Strength of Big 12 Driven by Impressive Individual Seasons

Posted by Chris Stone on February 18th, 2015

College basketball fans across the country debate which conference is the best every season. That conversation has mostly centered on two leagues this year. If you’re more interested in teams that are likely to make deep runs in March, then your choice will probably be the ACC with the likes of Virginia, Duke, Louisville and Notre Dame at the top of the standings. From a viewpoint of quality of depth of a league, however, nearly every available metric shows that the Big 12 is tops. Ken Pomeroy’s system focused on efficiency ranks this year’s Big 12 as the best conference since the Big Ten of four years ago (when 7 of 11 teams received NCAA Tournament bids). The league has already posted the highest non-conference winning percentage of any conference in a decade and currently has only one team (Texas Tech) with an under .500 overall record.

Georges Niang highlights the Big 12's selections on the Wooden Award Late Season Top 20 list. (Nirmalendu Majumdar)

Georges Niang highlights the Big 12’s selections on the Wooden Award Late Season Top 20 list. (Nirmalendu Majumdar)

The Big 12’s incredible season has correspondingly been driven by a number of individuals who are receiving national recognition on the various late season award lists. While the front-runners for the Wooden Award — given annually to the country’s best player — are Wisconsin’s Frank Kaminsky, Duke’s Jahlil Okafor, and Notre Dame’s Jerian Grant, the Big 12 put three players of its own on the Late Season Top 20 list. Oklahoma’s Buddy Hield has proven to be one of the conference’s best scorers, averaging 17.2 points per game while shooting 43.5 percent from the field. West Virginia’s Juwan Staten recently found his way back into the national conversation with a dazzling spin move to upset Kansas on Big Monday. Iowa State’s Georges Niang leads the Cyclones in scoring while also averaging 5.4 rebounds and 3.4 assists per game.

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Big Ten M5: 11.13.13 Edition

Posted by Brendan Brody on November 13th, 2013


  1. Indiana‘s Tom Crean may have been on to something when he questioned the consistency of his extremely young team shortly before the team barely escaped LIU-Brooklyn, 73-72, on Tuesday night. Crean believes that the Hoosiers are far from a finished product, but that he likes how the early-season schedule sets up as they play seven games in 19 days early on. Indiana is extremely long and athletic, but some of the younger players seem as though they will be prone to slumps and growing pains early on as they figure out their respective roles. Expect moments of brilliance combined with head-scratchers like Tuesday night from this extremely young squad.
  2. On a team filled with potential All-Americans and others who have been starters and been in the spotlight for a couple of years, Travis Trice often goes overlooked. That’s why news of the mysterious illness he was dealing with in the summer of 2012 never really made it into the national consciousness. It’s pretty amazing how he’s come back from not only that, but suffering two concussions and a broken nose last season as well. With Trice fully healthy again, Michigan State will be in great hands at the point guard spot with either Trice or Keith Appling on the court.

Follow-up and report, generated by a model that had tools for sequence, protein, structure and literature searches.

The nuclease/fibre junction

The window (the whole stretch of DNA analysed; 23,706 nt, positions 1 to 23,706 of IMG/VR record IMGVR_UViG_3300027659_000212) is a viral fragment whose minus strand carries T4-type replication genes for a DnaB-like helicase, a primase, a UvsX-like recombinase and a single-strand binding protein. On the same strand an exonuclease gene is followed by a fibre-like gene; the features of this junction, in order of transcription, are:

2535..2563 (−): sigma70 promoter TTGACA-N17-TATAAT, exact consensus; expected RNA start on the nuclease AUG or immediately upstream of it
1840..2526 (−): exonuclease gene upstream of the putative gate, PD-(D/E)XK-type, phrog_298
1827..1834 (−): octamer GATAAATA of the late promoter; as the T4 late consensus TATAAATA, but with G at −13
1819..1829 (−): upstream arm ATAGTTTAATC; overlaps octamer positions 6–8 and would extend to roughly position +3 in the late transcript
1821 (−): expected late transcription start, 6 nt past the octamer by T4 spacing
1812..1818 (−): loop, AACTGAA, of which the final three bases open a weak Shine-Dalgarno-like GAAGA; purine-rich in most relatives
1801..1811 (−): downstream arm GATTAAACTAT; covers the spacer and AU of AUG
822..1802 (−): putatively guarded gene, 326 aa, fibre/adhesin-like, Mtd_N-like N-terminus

3. Michigan has a decent sized leadership void to fill with Trey Burke and Tim Hardaway Jr. moving on to the NBA. They decided on Tuesday to try and fill their player leadership roles for 2013-14 with three players being named tri-captains: Jordan Morgan, Jon Horford, and Glenn Robinson III. On a team loaded with freshmen and sophomores, it makes sense that Horford and Morgan were given this honor since they’re the only upperclassmen they have. Robinson seems to be a little bit more of a reserved type who doesn’t get overly excited on the floor, so it remains to be seen whether he can handle this responsibility and both lead verbally and by example.
  4. A.J.Hammons was arguably the most talked about Purdue player in the buildup to the season tipping off. News of his suspension for the Boilermakers’ home opener was kind of glossed over, as it was assumed Purdue would handle Northern Kentucky with or without the burly center. Hammons felt like he let the team down as they struggled to pull out a win last Friday, however, and vows to come back and get on the same page with his teammates. Hammons being out was felt mainly on the glass, as Northern Kentucky matched Purdue’s 35 rebounds and generally played more physical. The suspension could really lead to Hammons coming back better than ever if he’s properly motivated from the benching.
  5. The preseason watch list for the John Wooden Award was released on Tuesday, and it included ten players from the B1G. This year was the first time that freshmen and transfers could appear on the preseason list, and Indiana’s highly-publicized Noah Vonleh made the cut. Other players from the league included players from Michigan State (Keith Appling, Gary Harris, and Adreian Payne), Ohio State (Aaron Craft and LaQuinton Ross), Michigan (Mitch McGary and Glenn Robinson III), Minnesota (Andre Hollins), Wisconsin (Sam Dekker), and Vonleh. One notable omission is Penn State’s senior guard Tim Frazier. Players can still get added to the watch list during the season, and Frazier made a claim to be one of these mid-season additions with his 25-point, 10-rebound effort in Penn State’s opening game victory against Wagner.
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